(replace 1000 with your desired animation speed. the idea is your delay function delays by that amount and accumulates the delay in each element's animation, so if your animations were each 500 miliseconds your delay values would be 500, 1000, 1500)

edit: FYI jquery's 'slow' speed is also 600miliseconds. so if you wanted to use 'slow' still in your animations just use these values in each subsequent call to the delay function - 600, 1200, 1800

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This doesn't seem like a very dynamic method seing that you have to manually update these values. –  neufuture Jun 5 '12 at 20:51
    
This is how I've done it in the past and the reason I ended up here ie to get a better method but this does work, and you could set variables for the duration of the animations and use them in the delay so that you would only have to update the duration as normal... then there's seemingly no downside?? –  Dean_Wilson Jul 16 '12 at 10:32
    
A simple quick solution +1 –  suspectus May 1 at 19:04

You can also put your effects into the same queue, i.e. the queue of the BODY element.

$('.images IMG').ready(
   function(){
        $('BODY').queue(
            function(){
                $('.images').fadeTo('normal',1,function(){$('BODY').dequeue()});
            }
        );
    }
);

Make sure you call dequeue() within the last effect callback.

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Extending on jammus' answer, this is perhaps a bit more practical for long sequences of animations. Send a list, animate each in turn, recursively calling animate again with a reduced list. Execute a callback when all finished.

The list here is of selected elements, but it could be a list of more complex objects holding different animation parameters per animation.

Here is a fiddle

$(document).ready(function () {
    animate([$('#one'), $('#two'), $('#three')], finished);
});

function finished() {
    console.log('Finished');
}

function animate(list, callback) {
    if (list.length === 0) {
        callback();
        return;
    }
    $el = list.shift();
    $el.animate({left: '+=200'}, 1000, function () {
        animate(list, callback);
    });
}
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Animate Multiple Tags Sequentially

You can leverage jQuery's built-in animation queueing, if you just select a tag like body to do global queueing:

// Convenience object to ease global animation queueing
$.globalQueue = {
    queue: function(anim) {
        $('body')
        .queue(function(dequeue) {
            anim()
            .queue(function(innerDequeue) {
                dequeue();
                innerDequeue();
            });
        });

        return this;
    }
};

// Animation that coordinates multiple tags
$(".button").click(function() {
    $.globalQueue
    .queue(function() {
        return $("#header").animate({top: "-50"}, "slow");
    }).queue(function() {
      return $("#something").animate({height: "hide"}, "slow");
    }).queue(function() {
        return $("ul#menu").animate({top: "20", left: "0"}, "slow");
    }).queue(function() {
        return $(".trigger").animate({height: "show", top: "110", left: "0"}, "slow");
    });
});

http://jsfiddle.net/b9chris/wjpL31o0/

So, here's why this works, and what it's doing:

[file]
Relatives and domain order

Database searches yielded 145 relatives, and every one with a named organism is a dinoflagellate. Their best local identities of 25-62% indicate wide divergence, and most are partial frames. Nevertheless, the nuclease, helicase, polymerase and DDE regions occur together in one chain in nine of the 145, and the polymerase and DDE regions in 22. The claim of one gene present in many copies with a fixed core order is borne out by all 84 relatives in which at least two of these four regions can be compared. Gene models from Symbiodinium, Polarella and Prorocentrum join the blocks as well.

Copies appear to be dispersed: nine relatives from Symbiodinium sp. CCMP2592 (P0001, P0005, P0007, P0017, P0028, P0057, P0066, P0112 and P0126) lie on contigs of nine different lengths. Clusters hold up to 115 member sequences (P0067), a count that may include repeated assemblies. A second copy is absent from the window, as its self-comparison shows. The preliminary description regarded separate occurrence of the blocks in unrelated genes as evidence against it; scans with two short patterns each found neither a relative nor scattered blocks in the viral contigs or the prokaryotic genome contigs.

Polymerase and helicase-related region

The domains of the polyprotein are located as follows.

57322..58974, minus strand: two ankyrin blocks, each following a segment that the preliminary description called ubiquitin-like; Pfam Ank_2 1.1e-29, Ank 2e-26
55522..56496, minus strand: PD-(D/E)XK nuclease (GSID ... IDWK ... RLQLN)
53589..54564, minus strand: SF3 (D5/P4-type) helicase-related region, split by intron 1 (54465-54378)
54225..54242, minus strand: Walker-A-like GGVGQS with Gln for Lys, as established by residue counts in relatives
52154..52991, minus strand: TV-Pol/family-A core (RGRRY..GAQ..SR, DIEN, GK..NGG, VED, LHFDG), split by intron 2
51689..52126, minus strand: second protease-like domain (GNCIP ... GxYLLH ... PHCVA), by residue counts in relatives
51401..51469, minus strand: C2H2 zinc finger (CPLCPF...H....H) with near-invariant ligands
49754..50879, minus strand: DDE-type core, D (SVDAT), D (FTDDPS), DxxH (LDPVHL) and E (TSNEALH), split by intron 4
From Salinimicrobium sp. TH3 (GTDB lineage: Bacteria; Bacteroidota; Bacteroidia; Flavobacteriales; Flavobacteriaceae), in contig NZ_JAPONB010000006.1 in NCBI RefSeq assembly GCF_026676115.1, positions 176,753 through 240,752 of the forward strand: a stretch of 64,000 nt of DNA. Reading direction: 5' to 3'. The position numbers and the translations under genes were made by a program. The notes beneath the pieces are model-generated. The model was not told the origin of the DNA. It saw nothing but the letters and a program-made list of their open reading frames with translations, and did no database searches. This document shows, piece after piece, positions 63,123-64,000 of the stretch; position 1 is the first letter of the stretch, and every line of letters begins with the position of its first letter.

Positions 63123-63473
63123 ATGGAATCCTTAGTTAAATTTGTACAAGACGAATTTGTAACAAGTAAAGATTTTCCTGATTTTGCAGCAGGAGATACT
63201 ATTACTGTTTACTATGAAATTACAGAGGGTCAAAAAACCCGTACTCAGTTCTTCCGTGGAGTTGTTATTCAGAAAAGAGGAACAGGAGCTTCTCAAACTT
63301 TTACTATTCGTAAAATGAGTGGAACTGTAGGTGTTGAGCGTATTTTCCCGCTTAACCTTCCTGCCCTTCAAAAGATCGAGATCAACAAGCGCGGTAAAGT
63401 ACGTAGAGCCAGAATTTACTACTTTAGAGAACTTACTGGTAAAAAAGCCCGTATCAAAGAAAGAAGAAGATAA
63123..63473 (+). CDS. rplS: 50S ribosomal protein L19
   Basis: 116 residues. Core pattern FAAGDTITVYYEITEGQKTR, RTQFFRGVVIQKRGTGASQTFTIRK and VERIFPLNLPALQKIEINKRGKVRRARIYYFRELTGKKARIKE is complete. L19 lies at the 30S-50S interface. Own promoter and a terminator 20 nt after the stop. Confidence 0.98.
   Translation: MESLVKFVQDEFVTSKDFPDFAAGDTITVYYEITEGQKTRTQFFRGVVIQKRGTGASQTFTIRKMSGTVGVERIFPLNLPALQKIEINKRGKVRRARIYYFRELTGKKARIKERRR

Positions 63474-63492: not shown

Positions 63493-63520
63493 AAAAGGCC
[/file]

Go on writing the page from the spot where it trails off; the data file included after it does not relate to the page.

1. The call to $.globalQueue.queue() is just queueing a call to your tag's animation, but it queues it on the body tag.

  2. When jQuery hits your tag animation in the body queue, your tag's animation starts, on the queue for your tag - but the way the jQuery animation framework works, any custom animation callback causes a tag's animation queue (the body's in this case) to halt, until the custom animation calls the passed-in dequeue() function. So, even though the queues for your animated tag and body are separate, the body tag's queue is now waiting for its dequeue() to be called. http://api.jquery.com/queue/#queue-queueName-callback

  3. We just make the last queued item on the tag's queue a call to continue the global queue by calling its dequeue() function - that's what ties the queues together.

  4. For convenience the globalQueue.queue method returns a this reference for easy chaining.

setInterval

For the sake of completeness, it's easy to land here just seeking an alternative to setInterval - that is you're not so much looking to make separate animations coordinate, as just fire them over time without the strange surge ahead in your animation caused by the way newer browsers will postpone animation queues and timers to save CPU.

You can replace a call to setInterval like this:

setInterval(doAthing, 8000);

With this:

/**
 * Alternative to window.setInterval(), that plays nicely with modern animation and CPU suspends
 */
$.setInterval = function (fn, interval) {
    var body = $('body');
    var queueInterval = function () {
        body
        .delay(interval)
        .queue(function(dequeue) {
            fn();
            queueInterval();
            dequeue();  // Required for the jQuery animation queue to work (tells it to continue animating)
        });
    };
    queueInterval();
};

$.setInterval(doAthing, 8000);

http://jsfiddle.net/b9chris/h156wgg6/

And avoid those awkward blasts of animation when a background tab has its animations re-enabled by the browser.

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Use the queue option:

$(".button").click(function(){
  $("#header").animate({top: "-50"}, { queue: true, duration: "slow" })
  $("#something").animate({height: "hide"}, { queue: true, duration: "slow" })
  $("ul#menu").animate({top: "20", left: "0"}, { queue: true, duration: "slow" })
  $(".trigger").animate({height: "show", top: "110", left: "0"}, { queue: true, duration: "slow" });
});
share|improve this answer
    
Thanks Garrett, but it didn't work... –  lorenzium Aug 2 '09 at 5:35
    
queue is true by default –  redsquare Aug 2 '09 at 8:40
    
so, what to do? –  lorenzium Aug 2 '09 at 8:42
2  
@garrett, did you test that before giving the answer? –  redsquare Aug 2 '09 at 9:02
2  
queueing only works when animating the same element. –  MrVimes Aug 14 '11 at 20:38